6. After an hour, pump the rest of the vinegar through
  7. Clean the water container thoroughly, again, until there’s no smell left
  8. Pump five full containers of fresh water through the machine, until there’s no smell left. Remember the steam pipe.
  9. Done!

Note this process is not recommended by the manufacturers as it probably corrodes some of the internals. Do this at your own risk!

Two weeks with Roomba

I’ve been eyeing robot vacuums ever since the first Roomba came out, and when the nearby supermarket had a Roomba 521 on clearance, I splurged. Here’s the experiences this far.

Some background – we have a dog and two small kids in a 74.5 square meter flat. What this means is, the flat goes from neat to disaster area in about a quarter of an hour, sometimes faster. And that happens every day. Enter Roomba.

The kids and the dog took a few days to adjust to their new friend. Kerttu immediately named the robot wally (or wall-e) and talked to it the first couple days but then mostly lost interest. I think the dog still sometimes thinks the vacuum’s out to get her.

The algorithm the robot uses to navigate floors is interesting and watching wally do his job is strangely hypnotic. I’m noticing I’m starting to learn to predict where the robot will go next, even though I don’t know how the robot works. Subconscious pattern processing is pretty amazing, I guess.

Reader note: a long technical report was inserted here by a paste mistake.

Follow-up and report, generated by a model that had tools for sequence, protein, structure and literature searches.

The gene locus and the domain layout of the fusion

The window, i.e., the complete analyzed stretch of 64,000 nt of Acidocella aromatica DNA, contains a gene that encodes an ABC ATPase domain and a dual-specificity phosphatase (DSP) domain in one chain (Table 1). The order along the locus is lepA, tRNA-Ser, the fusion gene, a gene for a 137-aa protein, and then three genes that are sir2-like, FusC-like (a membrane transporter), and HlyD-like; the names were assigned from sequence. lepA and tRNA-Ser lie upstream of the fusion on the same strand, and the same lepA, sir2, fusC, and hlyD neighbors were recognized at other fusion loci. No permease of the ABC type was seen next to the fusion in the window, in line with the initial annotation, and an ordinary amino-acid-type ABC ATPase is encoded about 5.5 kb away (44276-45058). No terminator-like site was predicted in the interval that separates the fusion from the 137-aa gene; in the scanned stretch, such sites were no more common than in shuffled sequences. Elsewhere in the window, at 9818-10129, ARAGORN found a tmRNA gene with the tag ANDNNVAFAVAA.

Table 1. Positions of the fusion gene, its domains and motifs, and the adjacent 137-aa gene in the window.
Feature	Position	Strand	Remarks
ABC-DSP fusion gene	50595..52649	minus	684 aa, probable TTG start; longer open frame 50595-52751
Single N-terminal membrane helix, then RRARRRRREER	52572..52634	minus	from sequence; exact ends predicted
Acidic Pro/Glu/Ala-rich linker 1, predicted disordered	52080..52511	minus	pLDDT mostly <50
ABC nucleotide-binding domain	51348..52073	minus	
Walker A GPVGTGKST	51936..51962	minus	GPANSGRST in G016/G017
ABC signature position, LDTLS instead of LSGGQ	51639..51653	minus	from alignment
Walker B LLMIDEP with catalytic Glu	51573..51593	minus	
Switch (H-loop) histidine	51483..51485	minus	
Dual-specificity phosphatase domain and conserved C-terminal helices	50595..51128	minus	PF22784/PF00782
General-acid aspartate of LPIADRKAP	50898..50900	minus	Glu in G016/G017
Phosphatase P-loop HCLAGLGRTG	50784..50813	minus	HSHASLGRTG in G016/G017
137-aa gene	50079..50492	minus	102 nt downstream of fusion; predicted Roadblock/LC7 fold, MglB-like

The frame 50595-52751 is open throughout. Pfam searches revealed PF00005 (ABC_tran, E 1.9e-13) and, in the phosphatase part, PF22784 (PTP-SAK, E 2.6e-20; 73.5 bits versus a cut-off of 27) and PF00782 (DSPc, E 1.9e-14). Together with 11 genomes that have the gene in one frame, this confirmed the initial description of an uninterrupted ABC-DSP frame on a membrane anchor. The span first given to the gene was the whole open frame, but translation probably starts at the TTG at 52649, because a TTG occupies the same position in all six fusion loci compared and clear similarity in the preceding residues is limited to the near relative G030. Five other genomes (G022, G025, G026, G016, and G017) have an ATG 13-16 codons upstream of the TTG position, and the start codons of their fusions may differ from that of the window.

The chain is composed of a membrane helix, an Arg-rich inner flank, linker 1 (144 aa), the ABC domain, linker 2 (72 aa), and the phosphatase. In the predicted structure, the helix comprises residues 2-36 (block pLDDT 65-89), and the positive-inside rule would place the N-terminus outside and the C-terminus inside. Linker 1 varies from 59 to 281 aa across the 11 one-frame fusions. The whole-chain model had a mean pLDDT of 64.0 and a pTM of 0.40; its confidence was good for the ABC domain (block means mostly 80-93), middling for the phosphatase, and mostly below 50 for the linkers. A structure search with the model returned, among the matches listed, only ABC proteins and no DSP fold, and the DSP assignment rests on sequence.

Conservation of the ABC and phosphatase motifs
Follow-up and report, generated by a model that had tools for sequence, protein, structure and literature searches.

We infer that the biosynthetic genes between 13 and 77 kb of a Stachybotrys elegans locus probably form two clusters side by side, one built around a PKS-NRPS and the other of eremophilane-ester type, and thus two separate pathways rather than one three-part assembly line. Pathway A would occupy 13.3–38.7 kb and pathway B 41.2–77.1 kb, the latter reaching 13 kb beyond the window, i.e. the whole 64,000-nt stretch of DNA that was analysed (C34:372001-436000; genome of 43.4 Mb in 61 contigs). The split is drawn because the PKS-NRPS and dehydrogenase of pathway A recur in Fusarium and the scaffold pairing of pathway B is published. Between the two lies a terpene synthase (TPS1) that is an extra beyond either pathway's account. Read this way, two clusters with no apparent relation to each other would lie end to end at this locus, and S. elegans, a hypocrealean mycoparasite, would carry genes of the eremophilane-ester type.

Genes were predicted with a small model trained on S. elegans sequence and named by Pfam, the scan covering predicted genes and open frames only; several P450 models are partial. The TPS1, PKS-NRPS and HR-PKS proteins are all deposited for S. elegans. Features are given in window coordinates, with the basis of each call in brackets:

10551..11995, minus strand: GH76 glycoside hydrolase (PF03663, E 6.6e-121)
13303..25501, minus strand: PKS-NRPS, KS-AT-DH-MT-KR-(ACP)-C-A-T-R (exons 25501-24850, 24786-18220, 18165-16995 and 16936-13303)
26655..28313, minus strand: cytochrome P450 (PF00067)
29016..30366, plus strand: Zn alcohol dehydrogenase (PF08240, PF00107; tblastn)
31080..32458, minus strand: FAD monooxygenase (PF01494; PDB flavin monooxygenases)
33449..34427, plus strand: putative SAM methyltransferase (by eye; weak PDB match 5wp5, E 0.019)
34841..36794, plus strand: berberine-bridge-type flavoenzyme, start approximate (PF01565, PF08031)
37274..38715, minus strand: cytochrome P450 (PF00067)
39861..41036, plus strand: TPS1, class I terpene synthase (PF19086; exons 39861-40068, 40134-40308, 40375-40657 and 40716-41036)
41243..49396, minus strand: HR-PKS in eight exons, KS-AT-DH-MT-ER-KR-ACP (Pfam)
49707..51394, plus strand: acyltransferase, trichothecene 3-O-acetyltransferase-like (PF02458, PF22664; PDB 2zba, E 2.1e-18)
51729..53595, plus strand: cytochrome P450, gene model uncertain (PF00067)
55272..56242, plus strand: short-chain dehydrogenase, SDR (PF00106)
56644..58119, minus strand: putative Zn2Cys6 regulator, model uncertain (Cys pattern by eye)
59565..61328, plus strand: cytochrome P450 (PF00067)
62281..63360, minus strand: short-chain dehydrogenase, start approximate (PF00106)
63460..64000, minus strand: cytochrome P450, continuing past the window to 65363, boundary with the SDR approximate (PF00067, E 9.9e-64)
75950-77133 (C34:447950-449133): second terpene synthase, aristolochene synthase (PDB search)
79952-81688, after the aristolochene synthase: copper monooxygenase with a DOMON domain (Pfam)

I’m positively surprised at the efficiency of the robot. It’s not perfect and if I vacuumed by hand, the rooms would definitely be cleaner. On the other hand, I’m getting a 95% vacuumed flat with the touch of a button, which is completely awesome. I don’t think our floors have been this clean in a long time. To be fair, the real test for wally will be when Luna the dog starts dropping hair in a significant manner during the summer heat. If the results are as good then and the vacuum doesn’t choke, I’ll be pretty darn impressed.

It’s pretty clear that in order to get real value, you need to establish a routine for clearing the floors from toys & random junk every morning and turn on the robot for daily maintenance vacuuming. This seemed a bit of an effort the first few days but I’m getting hang of the routine and I’m feeling good about the results.

Two complaints this far.